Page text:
Read More | Posted May 21, 2017
2/5 28% King Arthur: Legend Of The Sword (2017) A murky video game aesthetic and impatient, maniacally fast cutting do it no favours.‐ Observer (UK)
Read More | Posted May 21, 2017
1/5 24% Unlocked (2017) Islamic State, MI5, a deadly virus and a neck-tattooed Orlando Bloom: screenwriter Peter O'Brien throws everything at the wall in this derivative thriller. Nothing sticks.‐ Observer (UK)
Read More | Posted May 7, 2017
3/5 21% Sleepless (2017) It's thin but taut and at a lean 95 minutes, it zips along at a propulsive, entertaining clip.‐ Observer (UK)
Read More | Posted May 7, 2017
3/5 97% Burden (2017) This inquisitive, textured documentary pairs his drug-addled youth with the most controversial era of his career but wisely avoids hagiography by refusing to make value judgments regarding his best work.‐ Observer (UK)
Read More | Posted May 7, 2017
4/5 100% Harmonium (Fuchi ni tatsu) (2017) Tsutsui's tightly coiled performance is particularly compelling, a fury burning beneath her wearied, accommodating exterior.‐ Observer (UK)
Read More | Posted May 7, 2017
3/5 93% Citizen Jane: Battle for the City (2017) A celebration of grassroots activism and a cry for community, this should appeal to those interested in the history and politics of urbanisation as well as architecture nerds.‐ Observer (UK)
Read More | Posted May 7, 2017
2/5 30% A Dog's Purpose (2017) It's hard not to be charmed by the film's pack of hyperactive, wriggling puppies, but there's only so much time to be spent watching them play before it becomes eye-wateringly banal.‐ Observer (UK)
Read More | Posted May 7, 2017
2/5 85% The Transfiguration (2017) The effect is thin; less creative genre-smashing than a drab lack of commitment to either its mumblecore or horror sensibilities.‐ Observer (UK)
Read More | Posted Apr 23, 2017
4/5 55% Rules Don't Apply (2016) Sloppy, lively and joyfully fast-paced.‐ Observer (UK)
Read More | Posted Apr 23, 2017
2/5 86% LA 92 (2017) The use of archive without voiceover means there's a flatness to the way the events are presented; LA 92 shows how these events were reported on TV but lacks its own commentary.‐ Observer (UK)
Read More | Posted Apr 23, 2017
4/5 100% The Happiest Day in the Life of Olli Mäki (Hymyilevä mies) (2017) A warm, welcome sideways look at the Finnish featherweight boxing champion Olli Mäki.‐ Observer (UK)
Read More | Posted Apr 23, 2017
3/5 60% The Zookeeper's Wife (2017) Caro floods the film's frames with light, resulting in a film far prettier than expected, but more sanitised too.‐ Observer (UK)
Read More | Posted Apr 23, 2017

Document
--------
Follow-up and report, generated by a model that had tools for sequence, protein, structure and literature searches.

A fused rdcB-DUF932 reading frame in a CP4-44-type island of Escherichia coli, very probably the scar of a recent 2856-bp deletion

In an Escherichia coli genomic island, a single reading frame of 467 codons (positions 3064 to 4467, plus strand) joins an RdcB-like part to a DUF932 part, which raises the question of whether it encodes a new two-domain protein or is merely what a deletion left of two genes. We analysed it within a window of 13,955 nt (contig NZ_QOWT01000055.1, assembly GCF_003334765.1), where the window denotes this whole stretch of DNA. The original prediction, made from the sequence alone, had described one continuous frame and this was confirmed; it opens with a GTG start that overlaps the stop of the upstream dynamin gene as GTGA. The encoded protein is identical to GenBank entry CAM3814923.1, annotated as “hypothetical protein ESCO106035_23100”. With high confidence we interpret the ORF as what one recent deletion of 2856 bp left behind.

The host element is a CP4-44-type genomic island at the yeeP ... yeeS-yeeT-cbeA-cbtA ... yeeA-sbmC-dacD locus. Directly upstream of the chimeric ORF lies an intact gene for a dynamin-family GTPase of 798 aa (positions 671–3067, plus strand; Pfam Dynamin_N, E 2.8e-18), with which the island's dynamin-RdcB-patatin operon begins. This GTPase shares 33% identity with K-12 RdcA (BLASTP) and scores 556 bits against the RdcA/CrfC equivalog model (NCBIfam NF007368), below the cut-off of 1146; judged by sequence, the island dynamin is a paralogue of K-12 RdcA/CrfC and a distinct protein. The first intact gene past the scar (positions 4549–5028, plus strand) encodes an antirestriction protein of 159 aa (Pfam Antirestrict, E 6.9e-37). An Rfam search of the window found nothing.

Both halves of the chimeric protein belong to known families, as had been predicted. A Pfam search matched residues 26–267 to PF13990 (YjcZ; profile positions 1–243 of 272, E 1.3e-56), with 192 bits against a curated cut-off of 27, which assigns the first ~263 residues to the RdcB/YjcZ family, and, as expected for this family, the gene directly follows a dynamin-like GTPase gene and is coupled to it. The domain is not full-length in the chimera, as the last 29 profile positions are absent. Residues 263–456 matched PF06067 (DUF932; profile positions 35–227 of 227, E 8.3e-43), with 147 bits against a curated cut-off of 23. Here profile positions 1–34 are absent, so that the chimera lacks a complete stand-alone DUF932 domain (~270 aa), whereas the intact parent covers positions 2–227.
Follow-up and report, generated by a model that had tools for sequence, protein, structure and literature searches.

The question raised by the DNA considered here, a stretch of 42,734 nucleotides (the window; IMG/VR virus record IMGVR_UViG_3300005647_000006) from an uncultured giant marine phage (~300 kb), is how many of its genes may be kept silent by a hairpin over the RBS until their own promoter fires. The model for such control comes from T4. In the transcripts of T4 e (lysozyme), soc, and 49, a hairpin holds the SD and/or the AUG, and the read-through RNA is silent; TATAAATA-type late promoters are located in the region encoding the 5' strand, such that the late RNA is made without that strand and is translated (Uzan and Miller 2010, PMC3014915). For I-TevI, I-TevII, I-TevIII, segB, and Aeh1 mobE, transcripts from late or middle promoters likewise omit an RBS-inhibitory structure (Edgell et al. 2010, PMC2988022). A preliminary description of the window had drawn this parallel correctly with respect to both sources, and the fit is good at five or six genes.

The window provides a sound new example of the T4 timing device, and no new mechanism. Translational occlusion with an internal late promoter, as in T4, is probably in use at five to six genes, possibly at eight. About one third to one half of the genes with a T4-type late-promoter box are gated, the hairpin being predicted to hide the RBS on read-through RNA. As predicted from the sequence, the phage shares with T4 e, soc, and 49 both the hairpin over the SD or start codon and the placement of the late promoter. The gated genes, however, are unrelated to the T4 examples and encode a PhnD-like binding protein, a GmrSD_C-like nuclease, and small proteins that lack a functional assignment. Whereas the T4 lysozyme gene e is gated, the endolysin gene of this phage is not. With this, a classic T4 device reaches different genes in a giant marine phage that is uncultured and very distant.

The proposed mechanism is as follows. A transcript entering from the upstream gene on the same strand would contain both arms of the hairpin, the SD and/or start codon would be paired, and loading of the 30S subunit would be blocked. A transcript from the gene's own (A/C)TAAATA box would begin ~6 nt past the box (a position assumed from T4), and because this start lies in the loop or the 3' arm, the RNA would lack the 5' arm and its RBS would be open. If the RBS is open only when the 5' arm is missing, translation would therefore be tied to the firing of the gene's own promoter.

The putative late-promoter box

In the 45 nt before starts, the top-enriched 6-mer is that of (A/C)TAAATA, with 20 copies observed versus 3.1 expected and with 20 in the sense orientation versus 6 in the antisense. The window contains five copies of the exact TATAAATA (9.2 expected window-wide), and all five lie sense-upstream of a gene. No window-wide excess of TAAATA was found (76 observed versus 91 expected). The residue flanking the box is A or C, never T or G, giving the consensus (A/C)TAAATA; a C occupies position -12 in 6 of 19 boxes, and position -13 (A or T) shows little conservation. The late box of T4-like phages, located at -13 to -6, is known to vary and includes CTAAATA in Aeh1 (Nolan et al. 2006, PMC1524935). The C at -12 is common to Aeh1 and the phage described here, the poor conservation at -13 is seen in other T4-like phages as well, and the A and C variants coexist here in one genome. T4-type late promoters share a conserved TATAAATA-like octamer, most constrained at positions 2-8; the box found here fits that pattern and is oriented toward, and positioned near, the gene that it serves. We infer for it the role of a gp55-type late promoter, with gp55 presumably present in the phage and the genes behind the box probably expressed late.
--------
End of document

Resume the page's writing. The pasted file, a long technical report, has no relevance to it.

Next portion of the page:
3/5 26% Unforgettable (2017) This is deliberately silly and knowing satire and I hope it becomes a camp classic.‐ Observer (UK)
Read More | Posted Apr 23, 2017
2/5 94% Neruda (2016) "Love is so short, forgetting is so long," Neruda once wrote. If only this Pablo were that succinct.‐ Observer (UK)
Read More | Posted Apr 9, 2017
3/5 52% The Boss Baby (2017) The jokes are decidedly one-note, but still, I admit: I laughed.‐ Observer (UK)
Read More | Posted Apr 9, 2017
2/5 53% Mad to Be Normal (2017) There's plenty of jazzy paisley shirts, flamboyant velvet suits and on-the-nose music cues to denote its psychedelic 1960s setting, but these elements do little to soften Laing's eye-raisingly invasive and possibly inappropriate approach to his patients.‐ Observer (UK)
Read More | Posted Apr 9, 2017
3/5 53% City of Tiny Lights (2016) Those hungry for original British movies, especially ones that attempt to engage with multicultural London, may find their appetites whetted.‐ Observer (UK)
Read More | Posted Apr 9, 2017
4/5 98% I Am Not Your Negro (2017) Baldwin's words feel as urgent and articulate as ever, though Peck's attempts to link history with present-day race relations feel a little clunky next to the elegance of the text.‐ Observer (UK)
Read More | Posted Apr 9, 2017
4/5 92% A Quiet Passion (2017) Tension is the film's main preoccupation and its most precise profundity: the blunt, exhausting pain of living alone and in one's own head.‐ Observer (UK)
Read More | Posted Apr 9, 2017
2/5 39% Aftermath (2017) Helped along by a gloomy, oppressive score, it neither thoughtfully examines themes of trauma, guilt and grief nor moves with any sort of haste to its eventual, obvious, revenge-thriller conclusion, despite its short 90-minute running time.‐ Observer (UK)
Read More | Posted Apr 9, 2017
4/5 98% The Fits (2016) The storytelling is elegantly economical, characterised by a looseness and a spontaneity that's rooted in authenticity.‐ Little White Lies
Read More | Posted Feb 23, 2017
3/5 92% Lost in France (2016) Far more interesting than their personal ruminations are the musicians' reflections on Glasgow as a post-industrial creative hub and their memories of the welfare state that once enabled the scene to thrive.‐ Observer (UK)
Read More | Posted Feb 19, 2017
4/5 92% Hidden Figures (2017) This splashy, feelgood period piece is every bit as enjoyable as a best picture Oscar-nominated blockbuster could hope to be.‐ Observer (UK)
Read More | Posted Feb 19, 2017
2/5 84% The Founder (2017) Hancock's bland biopic offers a sanitised and sympathetic take on the burger chain's beginnings and the man who turned it into a multimillion-dollar enterprise.‐ Observer (UK)
Read More | Posted Feb 19, 2017
2/5 35% The Great Wall (2017) From its swooping, acrobatic camerawork, to the fight scenes unfolding in eye-popping 3D, it's easy to see where the money has been spent.‐ Observer (UK)
Read More | Posted Feb 19, 2017